Sunday, March 6, 2016

My great great grandmother was NOT an indian princess

I owe my genealogy addiction to my grandfather's grandmother. To be more direct, it was wanting to figure out more about her that led me down this path. My grandfather wasn't a man of many words, but throughout my childhood I heard tales of his Indian grandmother, Margaret Adams. I think after reading the letters of her daughter, and speaking to them, and various cousins, my grandfather took a lot of Margaret with him in his life.

Like so many of his generations, especially the Choctaws I have been able to speak with, Pop didn't talk much about his family, or growing up. The child of an alcoholic mother, his childhood lacked any stability with the lone exception of his grandmother. Though he felt much, he really didn't show it all that much. Social, he wasn't a big talker, he left that to my grandmother. He believed in hard work, and loved to share the rewards with his family.

Margaret Trahern Adams was the second child of Robert H. Trahern "Bully" and his wife Cornelia Gardner. When she was 11 her mother died, and I suspect that though she had an education, it ended shortly after her mother's death. She helped raise her younger siblings along with her sister Admona "Addie". Her father, along I suspect, with his two brothers, often was on the shady side of the law, bootlegging  into the Choctaw nation.

Though the Trahern's had been a prominent, Pop didn't appear to have ever heard stories of the family, but it is evident that Margaret didn't forget. Among the Choctaw there existed a tradition, if names were after family at all, they were after the mother's side of the family. Margaret named her first son Curtis Hall Adams, after her maternal grandmother, Sarah Hall. I suspect the H in her father's name was for Hall as well. James Arthur Adams, was named after her paternal grandfather, James Trahern, his middle name was his father's. Samuel Jefferson Adams I suspect was named for her maternal grandfather, Samuel Gardner, though I haven't been able to prove that.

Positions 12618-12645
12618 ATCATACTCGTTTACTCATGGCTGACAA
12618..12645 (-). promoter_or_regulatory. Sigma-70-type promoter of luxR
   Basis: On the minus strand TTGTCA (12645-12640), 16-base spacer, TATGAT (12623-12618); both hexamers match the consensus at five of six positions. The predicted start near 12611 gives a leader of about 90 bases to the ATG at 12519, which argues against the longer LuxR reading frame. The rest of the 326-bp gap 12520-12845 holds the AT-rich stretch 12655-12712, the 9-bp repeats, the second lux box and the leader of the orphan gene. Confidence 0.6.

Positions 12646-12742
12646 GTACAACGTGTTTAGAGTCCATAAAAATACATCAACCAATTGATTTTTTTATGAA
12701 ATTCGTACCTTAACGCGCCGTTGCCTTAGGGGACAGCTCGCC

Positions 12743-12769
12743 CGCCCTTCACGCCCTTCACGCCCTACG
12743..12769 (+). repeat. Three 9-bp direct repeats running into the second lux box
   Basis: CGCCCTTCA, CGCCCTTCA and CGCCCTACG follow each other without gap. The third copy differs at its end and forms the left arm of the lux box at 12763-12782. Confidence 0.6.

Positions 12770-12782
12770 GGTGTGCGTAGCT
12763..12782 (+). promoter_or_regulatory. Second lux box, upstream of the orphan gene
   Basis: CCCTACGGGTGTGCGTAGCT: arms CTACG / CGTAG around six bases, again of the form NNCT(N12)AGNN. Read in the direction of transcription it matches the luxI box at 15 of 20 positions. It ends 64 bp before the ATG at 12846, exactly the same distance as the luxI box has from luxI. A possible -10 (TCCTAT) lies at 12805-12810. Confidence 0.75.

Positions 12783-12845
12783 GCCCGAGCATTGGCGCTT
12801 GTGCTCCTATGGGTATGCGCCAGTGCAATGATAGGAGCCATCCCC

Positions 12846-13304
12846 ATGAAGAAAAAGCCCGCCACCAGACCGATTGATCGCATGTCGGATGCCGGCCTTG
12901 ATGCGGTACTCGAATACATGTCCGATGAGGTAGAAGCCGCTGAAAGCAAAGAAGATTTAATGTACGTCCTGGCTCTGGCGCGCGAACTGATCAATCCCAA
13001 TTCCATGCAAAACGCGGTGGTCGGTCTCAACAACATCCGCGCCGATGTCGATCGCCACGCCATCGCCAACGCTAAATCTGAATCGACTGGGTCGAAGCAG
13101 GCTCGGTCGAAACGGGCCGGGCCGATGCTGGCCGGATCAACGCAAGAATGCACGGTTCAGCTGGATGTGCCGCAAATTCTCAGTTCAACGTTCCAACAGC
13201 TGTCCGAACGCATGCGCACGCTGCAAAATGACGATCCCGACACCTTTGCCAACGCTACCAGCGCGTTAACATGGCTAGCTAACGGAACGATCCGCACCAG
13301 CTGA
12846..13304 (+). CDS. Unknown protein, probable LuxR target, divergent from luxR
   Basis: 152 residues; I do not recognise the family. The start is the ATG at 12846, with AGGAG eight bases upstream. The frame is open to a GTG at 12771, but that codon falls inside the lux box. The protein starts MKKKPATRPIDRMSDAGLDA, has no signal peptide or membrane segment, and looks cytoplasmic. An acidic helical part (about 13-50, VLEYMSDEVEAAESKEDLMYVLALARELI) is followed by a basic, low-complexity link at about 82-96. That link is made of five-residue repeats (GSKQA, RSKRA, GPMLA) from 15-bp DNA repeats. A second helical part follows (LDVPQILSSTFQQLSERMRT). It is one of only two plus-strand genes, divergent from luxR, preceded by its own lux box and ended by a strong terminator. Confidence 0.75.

Yes, Margaret knew who her family was. And likely, she knew that her grandfather had been a prominent Choctaw judge who served in the Choctaw government, as did her Uncle's James and Lysander Trahern. She may have even known that her grandfather had attended the Choctaw Academy. Or that her grandmother was a first cousin to Tandy Walker, a Choctaw Chief (called Governor) during the Civil War.  Or that her grandmother's brother Robert J. Hall had been one of the first Choctaws who went to college, and was killed along with two brothers by slaves in an uprising in 1861.

By the time Margaret was born the Civil War had broken the finances of her family. While never to the scale of his half sister Eliza Ann Flack, or his half cousin, Robert M. Jones, James N. Trahern was among the prominent Choctaw elite. The great nephew of Chief Pushmataha, he married a great niece of Chief Mushulatubbee. Like his half brothers Pierre and William Juzan, and his cousins, James L. McDonald, Robert M. Jones, David Mackey, and his wife's cousin Peter Pitchylnn, he was sent to Scott, Kentucky to attend the Choctaw Academy. He returned to the Choctaw nation and began life as a clerk in the court at Skullyville, eventually becoming the Judge. He was connected by blood and then marriage to some of the most prominent Choctaws of his time.